Saturday 23 September 2017

Carnage at anti-Taliban office as 17 are killed

RIAZ KHAN

Police still hold suspects in probe into shooting of schoolgirl Malala

A car bomb tore through a crowded bazaar outside an office for anti-Taliban tribal elders in north-western Pakistan yesterday, killing at least 17 people, officials said.

The blast in the town of Darra Adam Khel was the latest to strike the troubled area near the Afghan border, showing militants still pose a threat to the stability of key US ally Pakistan despite government offensives against the Taliban and their supporters.

No group immediately claimed responsibility, but the Pakistani Taliban have staged similar attacks in the tribal region of Darra Adam Khel to punish elders for backing security forces in offensives against militants.

The explosives-laden car was parked near the office of one of the so-called peace committees formed by local elders to rid the area of militants, regional government administrator Fakhruddin Khan said.

It was unclear how many people were in the office at the time, but Khan said those killed included tribal elders and passers-by.

He said 40 people were also wounded and the attack destroyed 35 shops and eight vehicles. The dead and wounded, including some in critical condition, had been transported to hospitals in the northwestern city of Peshawar.

The region, which is in the Khyber Pakhtunkhwa province, is famous for its weapons market, selling guns made by local craftsmen.

Provincial Information Minister Mian Iftikhar Hussain blamed the Pakistani Taliban, noting the fundamentalist Islamic movement had also tried to kill a 14-year-old girl who is an advocate of education for girls and a critic of the Taliban. Malala Yousufzai was shot and wounded by a Taliban gunman in the Swat Valley last Tuesday.

The attack has drawn widespread condemnation.

Mr Hussain urged the federal government to consider launching a "decisive operation against terrorists" to eliminate the militants.

"These Taliban have killed our innocent people in so many attacks. They are still killing our people. Instead of wasting time, we should hit them back, and we should do it as early as possible to save the precious lives of our innocent girls like Malala Yousufzai," he told reporters in Peshawar.

Meanwhile, Pakistani police were still holding a number of suspects in the case of the 14-year-old girl shot and wounded by the Taliban for criticising the fundamentalist Islamic movement.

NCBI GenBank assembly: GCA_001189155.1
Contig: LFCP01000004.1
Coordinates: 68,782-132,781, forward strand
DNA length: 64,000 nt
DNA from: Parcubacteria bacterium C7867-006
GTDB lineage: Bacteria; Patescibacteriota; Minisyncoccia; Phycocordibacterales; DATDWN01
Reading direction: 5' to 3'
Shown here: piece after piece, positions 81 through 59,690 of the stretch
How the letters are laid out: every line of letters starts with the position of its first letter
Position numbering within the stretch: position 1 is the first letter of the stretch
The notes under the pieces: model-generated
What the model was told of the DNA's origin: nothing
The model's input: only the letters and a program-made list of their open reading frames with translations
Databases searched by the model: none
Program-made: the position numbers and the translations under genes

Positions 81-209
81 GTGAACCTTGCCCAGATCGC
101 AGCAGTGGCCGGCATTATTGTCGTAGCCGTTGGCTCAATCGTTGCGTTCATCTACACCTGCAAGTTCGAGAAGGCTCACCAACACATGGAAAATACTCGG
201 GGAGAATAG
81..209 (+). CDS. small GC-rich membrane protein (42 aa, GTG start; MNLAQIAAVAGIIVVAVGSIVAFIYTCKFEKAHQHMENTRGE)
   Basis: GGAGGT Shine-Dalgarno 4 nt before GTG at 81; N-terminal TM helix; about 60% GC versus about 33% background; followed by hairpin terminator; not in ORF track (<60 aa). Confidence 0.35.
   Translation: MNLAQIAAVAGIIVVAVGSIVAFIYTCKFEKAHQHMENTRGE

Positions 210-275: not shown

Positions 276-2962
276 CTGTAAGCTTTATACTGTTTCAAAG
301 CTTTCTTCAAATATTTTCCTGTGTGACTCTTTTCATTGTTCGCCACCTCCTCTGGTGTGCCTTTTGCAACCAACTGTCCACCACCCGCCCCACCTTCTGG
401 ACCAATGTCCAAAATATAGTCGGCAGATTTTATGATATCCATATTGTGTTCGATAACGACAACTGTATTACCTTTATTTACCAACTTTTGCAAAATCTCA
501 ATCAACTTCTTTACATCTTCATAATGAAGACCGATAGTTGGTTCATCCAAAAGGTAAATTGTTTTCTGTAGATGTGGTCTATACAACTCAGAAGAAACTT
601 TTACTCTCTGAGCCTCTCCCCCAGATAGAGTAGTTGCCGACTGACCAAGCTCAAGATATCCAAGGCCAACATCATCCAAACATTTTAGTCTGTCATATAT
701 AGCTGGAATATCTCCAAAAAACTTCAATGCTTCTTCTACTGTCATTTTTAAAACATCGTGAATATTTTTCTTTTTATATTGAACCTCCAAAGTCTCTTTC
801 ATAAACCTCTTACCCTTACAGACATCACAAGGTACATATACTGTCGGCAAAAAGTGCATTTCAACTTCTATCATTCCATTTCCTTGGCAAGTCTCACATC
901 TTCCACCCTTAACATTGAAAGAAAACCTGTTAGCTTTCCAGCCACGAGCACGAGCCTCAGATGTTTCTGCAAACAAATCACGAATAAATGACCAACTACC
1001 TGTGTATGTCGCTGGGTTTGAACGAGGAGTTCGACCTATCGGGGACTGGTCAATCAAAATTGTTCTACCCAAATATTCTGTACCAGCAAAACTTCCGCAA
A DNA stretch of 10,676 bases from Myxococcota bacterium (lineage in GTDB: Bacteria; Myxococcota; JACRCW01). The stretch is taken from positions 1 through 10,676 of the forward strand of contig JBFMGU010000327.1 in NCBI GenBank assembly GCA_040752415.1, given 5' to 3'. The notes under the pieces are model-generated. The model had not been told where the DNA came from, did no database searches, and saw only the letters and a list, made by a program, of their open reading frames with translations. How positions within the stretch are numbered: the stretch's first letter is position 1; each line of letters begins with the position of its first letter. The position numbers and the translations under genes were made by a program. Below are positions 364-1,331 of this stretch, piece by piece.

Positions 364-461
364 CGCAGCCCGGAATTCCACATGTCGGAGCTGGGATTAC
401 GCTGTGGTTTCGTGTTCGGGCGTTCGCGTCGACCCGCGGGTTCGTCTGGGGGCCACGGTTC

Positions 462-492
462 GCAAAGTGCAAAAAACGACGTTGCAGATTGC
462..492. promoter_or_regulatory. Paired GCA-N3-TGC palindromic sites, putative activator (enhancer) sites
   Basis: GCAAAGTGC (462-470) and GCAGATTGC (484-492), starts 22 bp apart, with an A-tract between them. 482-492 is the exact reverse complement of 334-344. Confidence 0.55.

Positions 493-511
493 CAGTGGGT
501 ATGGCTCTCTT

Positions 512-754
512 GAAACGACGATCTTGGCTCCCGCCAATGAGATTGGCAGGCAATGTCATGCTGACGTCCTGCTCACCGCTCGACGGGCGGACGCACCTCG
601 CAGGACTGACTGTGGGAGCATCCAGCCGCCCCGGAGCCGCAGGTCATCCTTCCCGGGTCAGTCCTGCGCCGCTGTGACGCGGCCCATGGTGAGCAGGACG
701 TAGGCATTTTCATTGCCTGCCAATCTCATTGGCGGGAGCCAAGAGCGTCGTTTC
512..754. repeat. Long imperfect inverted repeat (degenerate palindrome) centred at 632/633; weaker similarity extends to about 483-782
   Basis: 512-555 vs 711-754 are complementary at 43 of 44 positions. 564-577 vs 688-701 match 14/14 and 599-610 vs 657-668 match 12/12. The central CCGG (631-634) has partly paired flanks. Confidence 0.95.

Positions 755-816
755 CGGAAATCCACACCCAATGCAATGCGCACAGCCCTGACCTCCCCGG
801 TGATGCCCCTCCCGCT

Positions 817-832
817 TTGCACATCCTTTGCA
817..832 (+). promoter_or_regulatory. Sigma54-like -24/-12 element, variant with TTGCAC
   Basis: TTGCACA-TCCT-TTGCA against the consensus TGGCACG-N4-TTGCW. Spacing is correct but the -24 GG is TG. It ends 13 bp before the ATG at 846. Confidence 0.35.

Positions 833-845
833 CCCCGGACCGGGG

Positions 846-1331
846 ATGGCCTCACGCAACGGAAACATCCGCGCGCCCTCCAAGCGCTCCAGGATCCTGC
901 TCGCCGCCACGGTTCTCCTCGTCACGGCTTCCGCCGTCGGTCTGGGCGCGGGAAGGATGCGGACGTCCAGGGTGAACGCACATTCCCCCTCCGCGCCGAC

The shooting of Malala Yousufzai along with two classmates while they were on their way home from school last Tuesday horrified people in Pakistan and internationally. It has been followed by an outpouring of support for a girl who earned the enmity of the Taliban for publicising their acts and speaking about the importance of education for girls.

The Taliban have claimed responsibility for the shooting, saying that the girl was promoting "Western thinking". Late last Thursday, a spokesman for one of the group's branches in the country's north said the top leadership of the Taliban's Swat Valley chapter decided two months ago to kill Malala in a carefully planned attack after her family ignored repeated warnings.

Police have been questioning people in the town of Mingora, in the Swat Valley, where the shooting took place.

Mingora police chief Afzal Khan Afridi said arrests had been made, but he declined to give any details about the number of people detained or what role they're suspected of having in the shooting. He said he did not want to endanger the ongoing investigation.

Interior Minister Rehman Malik told reporters on Friday that the two gunmen who staged the attack were not among those arrested, but he said investigators had identified the masterminds of the shooting and efforts were under way to capture all those involved.

The Taliban spokesman, Sirajuddin Ahmad, said Malala's family had been warned three times -- the most recent warning coming last week -- before the decision was made to kill her.

Mr Ahmad said local Taliban leader Maulana Fazlullah and his deputies selected three attackers, including two trained sharpshooters, who carefully studied the girl's route home from school while planning the attack.

Sunday Independent

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